Fraud and Peer Review
A whole lot of attention has been focused on academic fraud in the wake of what seems to have been a spectacular case of data invention in a study of the effects of gay canvassers on the opinions of those opposed to gay marriage. It has inspired the New York Times to suggest that raving media attention is driving some bad science into journals like Science and Nature. Um, guys, you hadn’t noticed that already?
One suggestion being made is that peer review is broken. We’ve talked about some real problems with peer review before, and also discussed the bigger issues with letter journals (and revisited Carl Wunsch’s diatribe against the “near-tabloid” journals). So GG agrees, things are broken in short-paper-land, but is this case really showing how it is broken?
The problem was not peer-review per se. It was trust. This is why the Amazing Randi spent so many years showing naive scientists how easy it was to fool them. Read the detailed (and rather disturbing) review of just how this whole paper got unravelled and what you find is that there was trust between second (and senior) author Green and lead but junior author LaCour, then trust by reviewers and other scientists in Green. Obviously that trust was misplaced. Does that mean peer review is broken?
Well, yes and no. As Randi has shown, it is easy to fool scientists; they operate under the assumption that others are telling the truth. There is good reason for this: if you have to doubt the reliability of every other worker, you cannot build on any but your own work and work you can go back and verify. That can be an awfully narrow and tiny pedestal to stand on. So intentional fraud is hard to ferret out unless, as in this case, the work is so significant to your own work that you try to build on it and discover the rotten core. To charge peer review with fixing this is putting a heavy burden on an already creaky structure. The folks who could really do this in review are probably the academic competitors to the author, and then you run into other problems. (GG has turned down doing a couple reviews precisely because the work in question was close enough to some project of his that, to behave ethically, he would have had to set aside–something he actually did once, long ago). Frankly, this would require putting some money on the table for reviewers to accept the burden of showing that new work could be fully verified.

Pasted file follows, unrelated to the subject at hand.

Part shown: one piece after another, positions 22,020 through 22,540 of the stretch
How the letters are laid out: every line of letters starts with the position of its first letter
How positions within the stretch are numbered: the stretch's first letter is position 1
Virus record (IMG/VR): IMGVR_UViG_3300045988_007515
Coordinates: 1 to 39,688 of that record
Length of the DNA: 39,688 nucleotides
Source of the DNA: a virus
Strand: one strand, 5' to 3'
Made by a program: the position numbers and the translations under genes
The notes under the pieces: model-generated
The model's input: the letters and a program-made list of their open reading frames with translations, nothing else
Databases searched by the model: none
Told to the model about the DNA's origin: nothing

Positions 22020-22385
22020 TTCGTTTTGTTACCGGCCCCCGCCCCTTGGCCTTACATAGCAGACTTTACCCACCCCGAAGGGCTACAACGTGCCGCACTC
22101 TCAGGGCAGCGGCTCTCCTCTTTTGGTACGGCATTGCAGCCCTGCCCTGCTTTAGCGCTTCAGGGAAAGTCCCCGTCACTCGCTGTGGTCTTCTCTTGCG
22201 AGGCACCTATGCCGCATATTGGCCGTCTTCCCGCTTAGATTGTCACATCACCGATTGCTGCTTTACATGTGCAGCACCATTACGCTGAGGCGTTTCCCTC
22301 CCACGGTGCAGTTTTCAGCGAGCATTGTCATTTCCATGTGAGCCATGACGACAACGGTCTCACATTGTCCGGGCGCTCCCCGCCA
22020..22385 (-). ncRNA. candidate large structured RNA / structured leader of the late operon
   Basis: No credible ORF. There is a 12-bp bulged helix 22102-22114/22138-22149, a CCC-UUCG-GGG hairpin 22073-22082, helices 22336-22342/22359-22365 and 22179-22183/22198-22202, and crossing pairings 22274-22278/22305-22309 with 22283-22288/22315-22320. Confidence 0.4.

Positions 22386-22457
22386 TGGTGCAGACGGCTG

But you do wonder about this trust business. How much responsibility should a senior author have? Sometimes we are called in as experts on some aspect of a project, where we trust our colleagues are doing their part of the paper correctly. Here it seemed a matter of calculated academic cover; a paper should get the same scrutiny regardless of the seniority or profile of the authors, but that seems not to have happened here. It does suggest that senior authors need to contemplate exactly when to stay off a paper and when to ask to see all the data.
At the end of the New York Magazine piece, David Broockman (the fellow who popped this particular bubble) opines a bit on what might prevent stuff like this:
Broockman has ideas about how to reform things. He thinks so-called “post-publication peer review” — a system which, to oversimplify a bit, makes it easier to evaluate the strength of previously published findings — has promise.
*Sigh*. First, arguably this *was* post-publication peer-review, no? Second, this business of relabeling what has always gone on as something new really needs some perspective. Any science that is built upon is in many ways subject to post-publication review, and you aren’t going to get “post-publication review” of something nobody is using. About the only difference between science as its been practiced for many years and “post-publication review” is a webpage.